Plant an Informal Hedge
A mix of shrubs that provide cover and food for wildlife is easy to take care and provides decades of beauty.
- Excerpted from How to Grow Practically Everything
E-mail This Page to Your Friendsx
A link to %this page% was e-mailed
If you prefer a relaxed, rustic style of garden, opt for a hedge that contains a mix of species. This style of hedge is good for wildlife, as it provides food and somewhere to live. It's also relatively easy to look after, needing just one trim per year in late summer.
When to Start: Fall
At Its Best: All year round
Time to Complete: 3 hours, or more for long hedges
- hedging plants (blackthorn, dog rose, hawthorn, hazel, holly)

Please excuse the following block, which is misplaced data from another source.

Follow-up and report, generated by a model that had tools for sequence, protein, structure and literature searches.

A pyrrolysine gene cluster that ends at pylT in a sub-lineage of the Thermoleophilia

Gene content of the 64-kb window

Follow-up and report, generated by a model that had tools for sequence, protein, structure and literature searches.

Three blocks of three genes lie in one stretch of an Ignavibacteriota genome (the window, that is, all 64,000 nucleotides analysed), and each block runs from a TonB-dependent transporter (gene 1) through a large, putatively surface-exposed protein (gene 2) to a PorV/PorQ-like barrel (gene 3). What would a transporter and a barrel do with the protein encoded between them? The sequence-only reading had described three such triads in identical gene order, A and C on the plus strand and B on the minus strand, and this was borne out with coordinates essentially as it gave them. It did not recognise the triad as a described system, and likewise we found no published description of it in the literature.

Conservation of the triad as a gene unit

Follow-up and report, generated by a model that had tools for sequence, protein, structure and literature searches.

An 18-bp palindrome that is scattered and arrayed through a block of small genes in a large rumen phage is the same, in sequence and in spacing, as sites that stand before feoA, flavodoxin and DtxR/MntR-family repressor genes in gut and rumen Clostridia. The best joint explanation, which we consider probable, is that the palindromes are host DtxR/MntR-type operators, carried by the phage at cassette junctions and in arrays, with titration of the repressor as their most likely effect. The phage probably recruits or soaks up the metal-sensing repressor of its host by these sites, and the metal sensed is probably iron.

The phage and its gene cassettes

- garden fork
- string and pegs (or stakes)
- well-composted organic matter
Prepare the Site
Hedges are permanent structures, and fare best in well-prepared soil. Dig over the area, removing all weeds, especially the roots of perennials. Fork in some organic matter deep into the soil to improve its structure.
Use your weight to compress the soil, shuffling slowly over the entire area. Then repeat this at right angles. If planted immediately after it has been dug over, the soil will settle and plants will not be anchored properly.
Mark Guide Lines
For a deep hedge, set out two lines of string, held taut by stakes or pegs, 14 to 16 inches apart. These form the planting guides for your two rows of plants. For a narrower hedge, you will need just one line of plants.
Excerpted from How to Grow Practically Everything
© 2010 Dorling Kindersley Limited
An organic gardener uses native and drought-tolerant plants to create a wildlife-friendly garden.